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Ecological, morphological and pathological aspects of parasitism tricodinídeos in tadpoles of bullfrogs (Lithobates catesbeianus, Shaw, 1802)

Grant number: 15/21626-0
Support Opportunities:Scholarships in Brazil - Scientific Initiation
Effective date (Start): May 01, 2016
Effective date (End): December 31, 2016
Field of knowledge:Agronomical Sciences - Fishery Resources and Fishery Engineering - Aquaculture
Principal Investigator:Fabiana Pilarski
Grantee:Lindomar de Oliveira Alves
Host Institution: Centro de Aquicultura (CAUNESP). Universidade Estadual Paulista (UNESP). Campus de Jaboticabal. Jaboticabal , SP, Brazil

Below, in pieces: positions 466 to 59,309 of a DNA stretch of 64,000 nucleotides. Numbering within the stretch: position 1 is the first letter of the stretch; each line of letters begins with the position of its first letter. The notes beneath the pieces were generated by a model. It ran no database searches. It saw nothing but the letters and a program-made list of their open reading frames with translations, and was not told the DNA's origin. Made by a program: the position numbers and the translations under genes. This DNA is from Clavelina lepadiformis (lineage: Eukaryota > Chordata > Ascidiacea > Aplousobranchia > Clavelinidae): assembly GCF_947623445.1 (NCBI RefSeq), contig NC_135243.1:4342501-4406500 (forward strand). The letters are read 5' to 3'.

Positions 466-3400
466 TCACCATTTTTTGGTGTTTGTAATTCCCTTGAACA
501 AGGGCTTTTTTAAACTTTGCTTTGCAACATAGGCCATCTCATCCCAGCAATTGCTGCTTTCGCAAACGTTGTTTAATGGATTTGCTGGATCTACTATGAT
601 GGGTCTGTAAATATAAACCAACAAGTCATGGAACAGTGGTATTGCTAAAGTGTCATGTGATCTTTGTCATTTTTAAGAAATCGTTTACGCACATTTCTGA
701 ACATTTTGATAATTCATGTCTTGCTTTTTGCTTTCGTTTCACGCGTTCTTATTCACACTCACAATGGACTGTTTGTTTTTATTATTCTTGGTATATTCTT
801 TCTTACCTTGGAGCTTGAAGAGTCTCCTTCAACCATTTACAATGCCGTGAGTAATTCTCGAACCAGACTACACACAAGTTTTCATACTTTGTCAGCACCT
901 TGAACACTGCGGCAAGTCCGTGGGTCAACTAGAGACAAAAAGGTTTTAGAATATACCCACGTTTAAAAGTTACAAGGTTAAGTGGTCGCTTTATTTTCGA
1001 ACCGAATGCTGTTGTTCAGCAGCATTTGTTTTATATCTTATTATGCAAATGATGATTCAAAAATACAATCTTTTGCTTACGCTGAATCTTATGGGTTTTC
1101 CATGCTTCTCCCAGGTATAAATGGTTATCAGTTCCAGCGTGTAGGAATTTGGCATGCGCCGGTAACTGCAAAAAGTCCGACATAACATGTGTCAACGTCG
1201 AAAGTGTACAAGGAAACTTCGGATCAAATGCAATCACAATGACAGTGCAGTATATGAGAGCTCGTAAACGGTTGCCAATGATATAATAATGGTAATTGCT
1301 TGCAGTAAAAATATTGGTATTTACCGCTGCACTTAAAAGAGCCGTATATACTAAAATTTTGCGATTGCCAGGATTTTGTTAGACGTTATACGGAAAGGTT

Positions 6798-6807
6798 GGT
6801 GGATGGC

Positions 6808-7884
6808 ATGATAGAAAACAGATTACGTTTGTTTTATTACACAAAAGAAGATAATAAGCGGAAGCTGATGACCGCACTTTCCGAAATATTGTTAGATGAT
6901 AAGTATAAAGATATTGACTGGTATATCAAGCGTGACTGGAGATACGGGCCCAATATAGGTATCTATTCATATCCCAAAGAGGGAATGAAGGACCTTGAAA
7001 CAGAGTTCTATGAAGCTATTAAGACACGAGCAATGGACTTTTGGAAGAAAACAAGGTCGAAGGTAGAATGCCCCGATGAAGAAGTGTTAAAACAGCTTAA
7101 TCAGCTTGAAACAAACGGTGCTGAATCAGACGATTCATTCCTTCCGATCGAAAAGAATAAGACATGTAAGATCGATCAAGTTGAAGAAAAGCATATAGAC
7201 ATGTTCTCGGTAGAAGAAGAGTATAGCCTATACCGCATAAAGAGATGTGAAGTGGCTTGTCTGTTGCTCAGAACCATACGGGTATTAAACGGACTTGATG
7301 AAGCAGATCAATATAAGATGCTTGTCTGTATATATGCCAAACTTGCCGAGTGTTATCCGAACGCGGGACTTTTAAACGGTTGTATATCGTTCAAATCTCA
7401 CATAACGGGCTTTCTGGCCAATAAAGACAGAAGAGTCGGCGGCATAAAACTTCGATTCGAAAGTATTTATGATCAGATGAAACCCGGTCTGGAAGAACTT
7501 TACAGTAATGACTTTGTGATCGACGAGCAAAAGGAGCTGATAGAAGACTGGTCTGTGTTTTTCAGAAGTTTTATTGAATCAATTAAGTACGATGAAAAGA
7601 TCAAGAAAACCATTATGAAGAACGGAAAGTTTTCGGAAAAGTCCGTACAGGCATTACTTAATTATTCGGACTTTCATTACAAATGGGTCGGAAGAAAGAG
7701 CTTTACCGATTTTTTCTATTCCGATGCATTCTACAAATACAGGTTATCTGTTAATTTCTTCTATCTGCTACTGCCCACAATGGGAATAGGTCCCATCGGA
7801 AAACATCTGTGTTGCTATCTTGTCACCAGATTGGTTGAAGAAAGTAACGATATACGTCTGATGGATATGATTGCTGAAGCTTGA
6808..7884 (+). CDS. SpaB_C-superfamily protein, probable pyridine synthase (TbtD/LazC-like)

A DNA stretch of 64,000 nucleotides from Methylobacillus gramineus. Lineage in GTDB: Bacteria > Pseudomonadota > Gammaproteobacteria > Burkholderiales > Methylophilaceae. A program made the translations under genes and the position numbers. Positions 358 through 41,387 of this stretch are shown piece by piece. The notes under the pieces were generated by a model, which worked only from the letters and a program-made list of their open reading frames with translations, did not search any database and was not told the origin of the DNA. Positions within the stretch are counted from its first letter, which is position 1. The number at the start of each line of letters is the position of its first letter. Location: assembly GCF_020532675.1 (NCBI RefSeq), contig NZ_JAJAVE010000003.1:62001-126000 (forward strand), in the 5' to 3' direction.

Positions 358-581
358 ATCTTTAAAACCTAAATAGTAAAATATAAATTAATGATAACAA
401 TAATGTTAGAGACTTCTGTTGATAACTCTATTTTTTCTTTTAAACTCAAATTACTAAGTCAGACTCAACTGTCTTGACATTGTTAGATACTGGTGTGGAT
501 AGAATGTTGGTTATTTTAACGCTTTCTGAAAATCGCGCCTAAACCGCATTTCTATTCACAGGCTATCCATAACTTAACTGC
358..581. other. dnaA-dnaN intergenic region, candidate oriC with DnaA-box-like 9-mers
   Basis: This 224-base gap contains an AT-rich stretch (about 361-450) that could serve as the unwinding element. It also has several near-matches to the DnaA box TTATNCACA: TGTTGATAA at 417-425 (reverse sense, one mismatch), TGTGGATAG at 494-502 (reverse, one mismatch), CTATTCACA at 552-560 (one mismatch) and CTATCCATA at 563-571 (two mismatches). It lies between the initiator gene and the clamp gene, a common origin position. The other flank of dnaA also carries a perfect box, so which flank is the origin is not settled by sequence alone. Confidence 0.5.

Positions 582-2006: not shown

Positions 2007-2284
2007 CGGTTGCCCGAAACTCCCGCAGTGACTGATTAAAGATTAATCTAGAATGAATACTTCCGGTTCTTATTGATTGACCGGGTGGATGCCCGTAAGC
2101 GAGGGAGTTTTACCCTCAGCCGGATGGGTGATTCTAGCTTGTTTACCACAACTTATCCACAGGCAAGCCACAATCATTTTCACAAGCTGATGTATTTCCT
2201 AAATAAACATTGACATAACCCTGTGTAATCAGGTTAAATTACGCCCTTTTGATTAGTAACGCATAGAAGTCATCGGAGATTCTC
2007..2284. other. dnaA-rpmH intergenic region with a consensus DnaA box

The production of tadpoles is a critical step in the intensive frog culture, for if performed correctly will ensure satisfactory performance in the subsequent phases of imago and fattening. Parasitic diseases may cause losses in productivity due to injuries, often irreversible and facilitate the installation of opportunistic agents that lead the host to death. Among the parasites that cause disease in tadpoles are the tricodinídeos. The objective of this work is to study the ecology, taxonomy and pathology of tricodinídeos that cause huge losses in global aquaculture, and to evaluate the limnological variables of girinagem tanks. Tadpoles (n = 50 per frog culture) will be collected in three commercial ranicultures and will be carried live on plastic packaging to the Aquatic Organisms Pathology Laboratory. The tricodinídeos found are quantized and strip containing the parasites, they will be impregnated with silver nitrate and 2% Giemsa-stained. The morphometry of the parasites will be held with the help of software Image Pro Plus® (Media Cybernetics, Inc., Rockville, United States) while the morphology is described from vectorized schematic drawings produced with CorelDRAW® X6 software (Corel Corporation, Ottawa , Canada). Integument samples from the animals will be collected and used for making histological slides and analysis of scanning electron microscopy for further evaluation of existing lesions and morphological appearance of the parasite. It is hoped that this work to determine the parasite / host relationship in tadpoles of bullfrogs and establish protocols to prevent this parasite. (AU)

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